Many of my most memorable nights at Amherst have involved going out to see live music. Amherst itself has some concert venues (for example, the biweekly Coffee Haus in Marsh), but, in my opinion, Northampton is where it’s at. It’s where things can get a little more intense. This guide is mainly intended for first-years who want to have a great music experience, but don’t really know where to go yet. (I definitely didn’t during my first semester at Amherst.)
The Iron Horse Music Hall is one of the many concert venues in Northampton. It hosts a wide variety of musicians, including local groups, classic rock bands in decay (like The Yardbirds), DJs and one-man bands. Here are some highlights I found on the show schedule.
Philly-based Vacationer, performing on Sept. 16, serves up a sunny fusion of electro-pop and samples with influences as diverse as indie giants Beach House and Animal Collective alongside J. Dilla and The Beach Boys. (Notice the theme of beaches there.) The group has two albums out now, their latest one from 2014, so expect to hear some new songs. Joining them under the name of Great Good Fine OK are singer-songwriter Jon Sandler and multi-instrumentalist and producer Luke Moellman.
“You’re the One for Me,” the single that resulted in their breakthrough, is an incredibly groovy and danceable song accompanied by a music video th at seems to be an ode to sandwiches but gets really weird really quickly. It’s best to just see it to know what I mean. In any case, this night will be great for fans of Bombay Bicycle Club, The Naked And Famous and Tennis.
Tall Heights is another highlight for fans of indie music. They started out in Boston as a typical folk group, but their newest song “Spirit Cold,” which reached Spotify on Aug. 21, adds a more contemporary feel to classic strings and vocal harmonies. The group’s bigger ambitions are evident in the sounds of deep drums and crashing cymbals. They’re playing at Iron Horse Oct. 2 together with Oregon folk duo ShookTwins.
ShookTwins’ sound is more traditional, but they too add some contemporary elements to their banjos, mandolins and strings, spicing things up with interesting electronic effects and vocal modulation. Fans of Sufjan Stevens, Father John Misty and The Tallest Man On Earth will enjoy their music.
Last but not least in my selection from the Iron Horse is Darlingside, a string rock quintet from Hadley. The group actually met at Williams, our beloved rival institution in the middle of nowhere. Apart from the Clark Museum, they’re pretty much all that Williamstown has to offer, because their music really is great.
If you have no idea what string rock means, they described their music on the Williams website as “Strings smothered with sings: Mandolin rocks, cello shocks, Face-melting drums —- POW!” (That’s actually a haiku — nice poetic touch there.)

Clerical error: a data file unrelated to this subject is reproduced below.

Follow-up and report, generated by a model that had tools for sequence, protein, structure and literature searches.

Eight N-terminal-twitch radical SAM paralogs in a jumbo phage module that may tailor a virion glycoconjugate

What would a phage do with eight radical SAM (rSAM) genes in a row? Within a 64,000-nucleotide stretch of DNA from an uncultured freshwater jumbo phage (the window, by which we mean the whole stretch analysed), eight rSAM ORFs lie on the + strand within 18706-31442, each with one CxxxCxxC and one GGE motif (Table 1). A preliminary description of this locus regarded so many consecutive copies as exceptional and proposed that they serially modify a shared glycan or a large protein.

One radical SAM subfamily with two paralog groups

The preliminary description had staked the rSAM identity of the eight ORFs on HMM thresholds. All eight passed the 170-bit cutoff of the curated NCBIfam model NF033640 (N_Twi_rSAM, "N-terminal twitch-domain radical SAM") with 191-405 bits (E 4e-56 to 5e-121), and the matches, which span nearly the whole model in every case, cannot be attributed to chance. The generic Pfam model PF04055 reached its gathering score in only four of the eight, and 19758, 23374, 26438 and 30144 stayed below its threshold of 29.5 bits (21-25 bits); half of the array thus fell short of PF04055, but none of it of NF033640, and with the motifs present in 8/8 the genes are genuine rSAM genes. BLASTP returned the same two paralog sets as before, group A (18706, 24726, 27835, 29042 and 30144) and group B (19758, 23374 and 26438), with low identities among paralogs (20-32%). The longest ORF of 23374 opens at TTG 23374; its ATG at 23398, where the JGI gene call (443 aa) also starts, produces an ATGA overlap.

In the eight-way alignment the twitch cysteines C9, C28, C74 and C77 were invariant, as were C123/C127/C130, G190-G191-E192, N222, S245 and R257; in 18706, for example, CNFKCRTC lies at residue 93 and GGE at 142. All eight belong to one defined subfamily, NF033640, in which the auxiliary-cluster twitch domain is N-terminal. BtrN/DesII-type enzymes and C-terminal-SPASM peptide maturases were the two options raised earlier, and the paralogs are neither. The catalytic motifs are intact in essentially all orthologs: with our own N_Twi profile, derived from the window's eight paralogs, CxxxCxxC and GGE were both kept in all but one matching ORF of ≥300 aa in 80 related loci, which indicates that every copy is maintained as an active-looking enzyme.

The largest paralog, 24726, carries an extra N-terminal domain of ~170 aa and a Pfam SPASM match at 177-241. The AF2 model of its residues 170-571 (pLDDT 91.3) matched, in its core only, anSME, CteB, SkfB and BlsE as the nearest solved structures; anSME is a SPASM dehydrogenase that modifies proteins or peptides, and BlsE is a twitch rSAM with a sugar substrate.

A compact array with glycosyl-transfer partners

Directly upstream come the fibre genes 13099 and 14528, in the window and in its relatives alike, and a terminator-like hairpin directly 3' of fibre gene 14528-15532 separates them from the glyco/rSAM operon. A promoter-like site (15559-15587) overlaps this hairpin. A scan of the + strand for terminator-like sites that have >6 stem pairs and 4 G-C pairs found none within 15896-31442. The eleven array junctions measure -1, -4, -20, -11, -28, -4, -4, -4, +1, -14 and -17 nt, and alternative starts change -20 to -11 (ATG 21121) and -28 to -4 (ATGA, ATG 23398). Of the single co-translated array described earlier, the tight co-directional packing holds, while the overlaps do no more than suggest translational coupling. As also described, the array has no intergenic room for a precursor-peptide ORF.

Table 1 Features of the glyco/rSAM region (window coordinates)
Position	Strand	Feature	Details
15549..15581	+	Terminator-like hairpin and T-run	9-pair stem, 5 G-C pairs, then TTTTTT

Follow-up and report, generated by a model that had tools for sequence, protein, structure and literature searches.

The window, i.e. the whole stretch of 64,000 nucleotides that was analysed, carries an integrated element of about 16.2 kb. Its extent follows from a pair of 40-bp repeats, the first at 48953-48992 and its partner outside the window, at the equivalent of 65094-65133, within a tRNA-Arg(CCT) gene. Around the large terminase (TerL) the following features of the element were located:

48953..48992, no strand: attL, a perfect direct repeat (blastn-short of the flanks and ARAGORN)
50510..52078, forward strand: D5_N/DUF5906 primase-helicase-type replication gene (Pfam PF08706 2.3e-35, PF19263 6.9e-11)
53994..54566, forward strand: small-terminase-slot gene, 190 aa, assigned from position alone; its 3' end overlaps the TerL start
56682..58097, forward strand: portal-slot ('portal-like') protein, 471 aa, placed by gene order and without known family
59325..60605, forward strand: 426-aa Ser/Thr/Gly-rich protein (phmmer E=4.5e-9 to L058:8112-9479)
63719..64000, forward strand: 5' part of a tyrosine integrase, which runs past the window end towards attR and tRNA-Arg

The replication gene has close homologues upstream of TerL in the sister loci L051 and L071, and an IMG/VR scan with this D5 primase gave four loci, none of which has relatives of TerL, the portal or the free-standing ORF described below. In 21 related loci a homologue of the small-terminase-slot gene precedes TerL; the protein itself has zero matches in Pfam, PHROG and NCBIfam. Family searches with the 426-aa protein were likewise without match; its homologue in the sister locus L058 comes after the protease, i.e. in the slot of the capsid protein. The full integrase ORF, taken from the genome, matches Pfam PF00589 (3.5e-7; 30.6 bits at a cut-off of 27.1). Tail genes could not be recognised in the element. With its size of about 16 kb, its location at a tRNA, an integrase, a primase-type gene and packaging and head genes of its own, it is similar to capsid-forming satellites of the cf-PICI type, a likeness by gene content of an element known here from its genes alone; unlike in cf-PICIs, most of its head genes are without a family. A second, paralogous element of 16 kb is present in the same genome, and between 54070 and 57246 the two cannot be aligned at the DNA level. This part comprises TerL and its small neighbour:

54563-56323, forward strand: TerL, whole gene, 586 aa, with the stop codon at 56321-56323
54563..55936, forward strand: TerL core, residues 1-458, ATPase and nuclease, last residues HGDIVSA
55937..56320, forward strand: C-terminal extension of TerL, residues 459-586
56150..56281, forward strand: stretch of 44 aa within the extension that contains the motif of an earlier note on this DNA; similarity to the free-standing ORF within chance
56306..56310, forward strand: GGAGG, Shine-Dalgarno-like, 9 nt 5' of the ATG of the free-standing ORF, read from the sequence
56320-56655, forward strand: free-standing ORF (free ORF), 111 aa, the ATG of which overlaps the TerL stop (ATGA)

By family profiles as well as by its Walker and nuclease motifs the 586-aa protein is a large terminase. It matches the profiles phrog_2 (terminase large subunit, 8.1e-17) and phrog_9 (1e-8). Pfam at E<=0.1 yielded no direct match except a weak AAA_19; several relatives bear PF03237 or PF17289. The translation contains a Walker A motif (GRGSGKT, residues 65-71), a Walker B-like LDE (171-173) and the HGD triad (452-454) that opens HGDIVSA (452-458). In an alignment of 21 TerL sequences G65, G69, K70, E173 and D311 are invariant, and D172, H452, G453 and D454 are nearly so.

Their newest song, “Go Back,” came out Aug. 28, and they’re playing on Oct. 3. If you like Tall Heights, you’ll probably like this band, too. Accompanying them that night is Matt Lorenz as The Suitcase Junket, a one-man garage band with gritty vocals and chunky guitars running through big guitar amps, accompanied by clanging pots and pans as drums.
Pearl Street Nightclub, also in Northampton, is less intimate than Iron Horse Music Hall; the space is more conducive to big crowds moving and swaying. This is where you can be ecstatic — outside of yourself — and thus you can be with everyone and float in a sea of potential interactions. For me, there are two highlights at Pearl Street this semester: Wild Child and Born Ruffians.
Born Ruffians is an indie rock band from Toronto. On August 20 the group released “When Things Get Pointless I Roll Away,” with a great performance by frontman Luke LaLonde, who shouts, speeds up his delivery and sings in falsetto to get the point across. With the floating, icy synths in the bridge, this song is definitely a departure from their earlier work, which was more conventional in terms of instrumentation. The early stuff reminds me of The Fratellis and The Kooks, whereas their later work is more clearly influenced by Fleet Foxes and Vampire Weekend. Their singles are all great pieces of pop rock; you will not resist the urge to move to “Needles” (from 2013) and “We Made It” (2015). Born Ruffians are playing on Oct. 30.
Finally, there’s Wild Child, a pop band from Austin, where local music fans widely praised their debut effort “Pillow Talk.” Since then, they’ve achieved nationwide recognition, and NPR called their “Living Tree” one of the Top 10 Songs of 2013 At the show they will be presenting their new album “Fools,” which will be released Oct. 2.
They’ve released two singles so far this year. “Bullets” is somewhat conventional but catchy, with the horn parts adding a nice touch. “Fools” is more interesting musically. Singer Kelsey Wilson really shines on this track, with a mix of fuzzy, piercing bass lines, soft strings and smooth horns in the background.
They do well with conventions, though: As reviewer Raymond Lee wrote on Pop Matters, they display “a seemingly effortless combination of emotional purity in lyrics and vocal delivery combined with a pleasing, repetitive musical accompaniment.” Wild Child is performing Nov. 8.